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Congo to Ban Log Exports to Reduce Pressure on its Forests


Logs lie next to an old boat on the Congo river October 7, 2004. The world's second largest rainforest stands a greater chance of being protected after the Democratic Republic of Congo's president finally backed a largely ignored ban on new logging. (REUTERS/David Lewis)
Congo to Ban Log Exports to Reduce Pressure on its Forests
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The Democratic Republic of Congo’s environment minister said on Thursday the country plans to ban all log exports. The country also plans to take measures to lessen threats to its tropical rainforest. The forest takes in carbon dioxide and produces oxygen. It is a major move to fight climate change.

Congo is home to the majority of the world’s second-largest rainforest. The country is under pressure to improve how it administers the forest.

It is also under pressure to slow down the high rate at which the forest is being destroyed, or deforested. Information from the U.N. shows the deforestation rate has doubled in the last ten years.

Eve Bazaiba is the environment minister. She announced the suspension of log exports to reporters in the capital Kinshasa. She did not say when it would come into effect.

"It allows us not only to enable natural restoration but also a reforestation program that we have with all of our technical, financial, and development partners," she said.

Information from the Central African Forest Initiative shows the Congo Basin rainforest removes 4 percent of carbon dioxide that humans put into the atmosphere around the world each year. About 60 percent of the rainforest is in Congo.

A logging company's machinery sits on the side of a road that has been cut into Congo's forest in the northern province of Equateur on October 8, 2004. (REUTERS/David Lewis/File Photo)
A logging company's machinery sits on the side of a road that has been cut into Congo's forest in the northern province of Equateur on October 8, 2004. (REUTERS/David Lewis/File Photo)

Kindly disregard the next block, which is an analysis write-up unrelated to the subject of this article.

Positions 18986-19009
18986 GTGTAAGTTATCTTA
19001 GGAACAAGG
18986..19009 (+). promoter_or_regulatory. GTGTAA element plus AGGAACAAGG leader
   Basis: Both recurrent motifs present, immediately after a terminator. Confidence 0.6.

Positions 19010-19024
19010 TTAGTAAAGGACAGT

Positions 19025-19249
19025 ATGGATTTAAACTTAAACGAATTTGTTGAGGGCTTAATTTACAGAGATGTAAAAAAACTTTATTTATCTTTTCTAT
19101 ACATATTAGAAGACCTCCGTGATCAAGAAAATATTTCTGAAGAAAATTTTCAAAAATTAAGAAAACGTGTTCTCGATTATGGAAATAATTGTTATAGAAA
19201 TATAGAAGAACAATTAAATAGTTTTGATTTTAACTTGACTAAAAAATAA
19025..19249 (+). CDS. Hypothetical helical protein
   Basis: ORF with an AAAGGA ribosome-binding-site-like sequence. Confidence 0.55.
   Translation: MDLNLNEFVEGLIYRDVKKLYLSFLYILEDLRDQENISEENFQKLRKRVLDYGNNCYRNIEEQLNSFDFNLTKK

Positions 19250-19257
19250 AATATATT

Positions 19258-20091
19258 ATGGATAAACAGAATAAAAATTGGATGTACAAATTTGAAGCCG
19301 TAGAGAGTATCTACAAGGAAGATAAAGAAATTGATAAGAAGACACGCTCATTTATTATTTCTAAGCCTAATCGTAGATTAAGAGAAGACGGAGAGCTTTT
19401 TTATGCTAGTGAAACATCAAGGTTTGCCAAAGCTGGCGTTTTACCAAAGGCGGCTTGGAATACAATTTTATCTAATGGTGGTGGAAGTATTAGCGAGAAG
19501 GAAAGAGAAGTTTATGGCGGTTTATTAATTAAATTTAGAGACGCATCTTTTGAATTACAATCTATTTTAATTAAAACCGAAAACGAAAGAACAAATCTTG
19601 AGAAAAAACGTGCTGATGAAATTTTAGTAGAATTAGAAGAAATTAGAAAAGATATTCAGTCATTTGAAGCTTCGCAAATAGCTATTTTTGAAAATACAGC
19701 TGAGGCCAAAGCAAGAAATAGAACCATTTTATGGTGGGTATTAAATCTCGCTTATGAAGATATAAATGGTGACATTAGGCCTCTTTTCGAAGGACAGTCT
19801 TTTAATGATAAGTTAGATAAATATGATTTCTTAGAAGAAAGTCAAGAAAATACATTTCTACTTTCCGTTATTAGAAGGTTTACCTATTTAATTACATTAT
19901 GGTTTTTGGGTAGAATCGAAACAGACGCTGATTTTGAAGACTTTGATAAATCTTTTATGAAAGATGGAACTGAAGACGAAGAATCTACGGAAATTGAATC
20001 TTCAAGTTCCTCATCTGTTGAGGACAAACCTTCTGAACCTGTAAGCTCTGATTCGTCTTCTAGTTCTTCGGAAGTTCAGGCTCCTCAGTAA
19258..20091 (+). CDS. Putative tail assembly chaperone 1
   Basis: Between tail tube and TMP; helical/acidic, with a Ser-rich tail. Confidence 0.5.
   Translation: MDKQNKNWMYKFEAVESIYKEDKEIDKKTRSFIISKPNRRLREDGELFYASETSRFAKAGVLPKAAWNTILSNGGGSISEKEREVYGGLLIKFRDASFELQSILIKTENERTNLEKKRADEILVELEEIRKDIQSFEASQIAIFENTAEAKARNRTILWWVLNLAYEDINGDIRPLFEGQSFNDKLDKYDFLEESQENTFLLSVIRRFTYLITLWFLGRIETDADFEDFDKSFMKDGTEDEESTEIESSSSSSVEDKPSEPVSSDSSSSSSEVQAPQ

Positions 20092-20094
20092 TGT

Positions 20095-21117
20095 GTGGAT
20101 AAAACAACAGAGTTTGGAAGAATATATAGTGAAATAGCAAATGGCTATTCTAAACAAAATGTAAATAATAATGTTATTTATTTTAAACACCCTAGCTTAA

Removal of ban

Bazaiba also has a plan, however, to remove a temporary ban on new industrial logging, which would give land to logging companies to remove trees. This plan has caused concern in environmental groups and scientists. They have warned of serious environmental, social, and climatic harm.

Bazaiba has said in the past that the temporary ban has not been able to stop the spread of illegal logging.

More than 24 scientists have urged those who financially support the Democratic Republic of Congo’s forests industry to suspend financing if the government goes ahead with this plan.

But some scientists and other groups support the measure.

The European Union’s ambassador to Congo has shown openness to the government’s plan. They said earlier this month that it represented a “desire to regain control” of the forests.

Gaining control

Earlier in October, President Felix Tshisekedi ordered an inspection into all existing logging contracts, or legal agreements. He was trying to gain more order in the poorly administered industry.

"We don't want any more contracts with partners who came to savagely cut our forests, we will retire these types of contracts," Bazaiba said.

Forest Trends is an American organization that works to save forest land. In 2018, it found that Congo’s biggest markets for wood products were Vietnam, the European Union and the European Free Trade Association, and China.

I’m Gregory Stachel.

Hereward Holland reported this story for Reuters. Gregory Stachel adapted it for VOA Learning English. Susan Shand was the editor.

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Words in This Story

log – n. a long, heavy section of a tree that has fallen or been cut down

carbon dioxide n. a gas that is produced when people and animals breathe out or when certain fuels are burned and that is used by plants for energy

allow v. to permit (something): to regard or treat (something) as acceptable

restoration n. the act or process of returning something to its original condition by repairing it, cleaning it, or other acts

savage adj. very cruel or violent

type n. a particular kind or group of things or people

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